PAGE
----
There can be no greater thrill in tricking someone awful into helping the world. In 2014, The small town of Wunsiedel in the German state of Bavaria got to discover this first hand. Though it was a while ago, we hope this hilarious story will give you succor as we deal with our own Nazi troubles.
Wunsiedel had a Nazi problem for many years. The town was the initial resting place of Rudolf Hess, Hitler’s Deputy-Führer and Mein Kampf editor. Though Hess’ body isn’t there anymore; in 2011, it was exhumed and destroyed.
The townspeople didn’t know what to do — they hated that Neo-Nazis marched in their town every year for 25 years. No one wanted them, and they were afraid of them.
But like the brilliant Mel Brooks, they realized one of the best ways to fight Nazis (other than actually fighting them) is to mock them. So Wunsiedel came up with a great plan: Let them march — in fact, encourage them to march.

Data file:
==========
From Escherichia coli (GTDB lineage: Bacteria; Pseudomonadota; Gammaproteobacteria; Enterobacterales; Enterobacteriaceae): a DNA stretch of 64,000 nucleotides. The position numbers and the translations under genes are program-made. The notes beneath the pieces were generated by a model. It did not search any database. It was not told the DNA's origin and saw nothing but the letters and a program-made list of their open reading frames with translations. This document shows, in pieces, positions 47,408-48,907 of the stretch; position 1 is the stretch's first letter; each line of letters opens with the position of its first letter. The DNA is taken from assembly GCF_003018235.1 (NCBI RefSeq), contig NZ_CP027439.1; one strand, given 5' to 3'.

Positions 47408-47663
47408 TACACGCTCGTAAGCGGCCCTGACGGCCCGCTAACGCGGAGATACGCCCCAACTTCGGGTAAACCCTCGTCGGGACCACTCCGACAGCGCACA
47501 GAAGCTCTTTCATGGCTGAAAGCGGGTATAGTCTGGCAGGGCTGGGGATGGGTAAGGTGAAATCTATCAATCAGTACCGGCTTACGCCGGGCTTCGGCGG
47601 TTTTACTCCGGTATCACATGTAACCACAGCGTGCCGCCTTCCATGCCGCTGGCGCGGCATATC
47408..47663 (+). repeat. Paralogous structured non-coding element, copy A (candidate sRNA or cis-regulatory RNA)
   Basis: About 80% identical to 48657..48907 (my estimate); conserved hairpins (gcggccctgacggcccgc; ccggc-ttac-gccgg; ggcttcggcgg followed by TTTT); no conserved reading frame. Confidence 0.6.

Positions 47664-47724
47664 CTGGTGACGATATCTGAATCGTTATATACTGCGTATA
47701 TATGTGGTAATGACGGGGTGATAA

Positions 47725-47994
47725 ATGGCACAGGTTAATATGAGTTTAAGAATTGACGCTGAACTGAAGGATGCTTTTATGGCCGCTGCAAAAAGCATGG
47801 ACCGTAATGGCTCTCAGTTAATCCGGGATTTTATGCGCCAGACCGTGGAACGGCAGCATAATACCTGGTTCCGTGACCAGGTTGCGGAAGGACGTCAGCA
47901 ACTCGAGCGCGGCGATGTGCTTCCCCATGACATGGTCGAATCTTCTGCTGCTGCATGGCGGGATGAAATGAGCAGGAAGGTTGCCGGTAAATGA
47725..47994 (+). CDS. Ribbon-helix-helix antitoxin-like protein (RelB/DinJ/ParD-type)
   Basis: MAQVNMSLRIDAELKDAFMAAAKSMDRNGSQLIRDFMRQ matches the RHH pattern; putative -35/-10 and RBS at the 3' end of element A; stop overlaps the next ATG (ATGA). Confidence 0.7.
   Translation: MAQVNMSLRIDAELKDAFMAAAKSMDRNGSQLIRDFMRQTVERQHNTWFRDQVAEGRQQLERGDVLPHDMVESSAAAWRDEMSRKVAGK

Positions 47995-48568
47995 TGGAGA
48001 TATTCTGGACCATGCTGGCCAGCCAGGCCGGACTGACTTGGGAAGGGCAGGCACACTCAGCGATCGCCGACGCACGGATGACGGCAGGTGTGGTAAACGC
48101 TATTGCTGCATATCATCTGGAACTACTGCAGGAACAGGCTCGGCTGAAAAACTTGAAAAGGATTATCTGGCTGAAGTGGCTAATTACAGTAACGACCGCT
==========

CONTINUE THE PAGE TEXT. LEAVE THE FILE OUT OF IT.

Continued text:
Why? Because they worked with Rechts gegen Rechts (“Right Against Right”), a German anti-extremist organization to change the march into “Germany’s most involuntary walkathon.”
The townspeople got together and pledged to donate 10 Euro for every meter the 250 marchers walked. The money went to EXIT Deutschland, a program that helps get neo-Nazis to renounce their ways.
The Neo-Nazis didn’t know this initially. Shortly after their march began, however, they saw signs thanking them for their support. There were chalk lines placed on the march route every half meter saying “Thanks for the 5 Euro.”
Banners appeared to encourage the marchers, just like in any walkathon. Though unlike a normal walkathon, they were a bit more sarcastic. Signs read “If only the Führer knew!” or “Quick like a greyhound! Tough like leather! And as generous as never before!”
At the end of the march, the town placed a finish line and a big banner thanking the neo-Nazis for the “donation.” And it was a pretty sizable donation — 10,000 Euro (about $11,700 US).
While, sadly, Neo-Nazi marches in Wunsiedel still continue, so does Rechts gegen Rechts. Rechts gegen Rechts has raised over 47,000 Euros since then. In addition to EXIT-Deutschland, they’ve also paid for the removal of Nazi tattoos and supported refugees.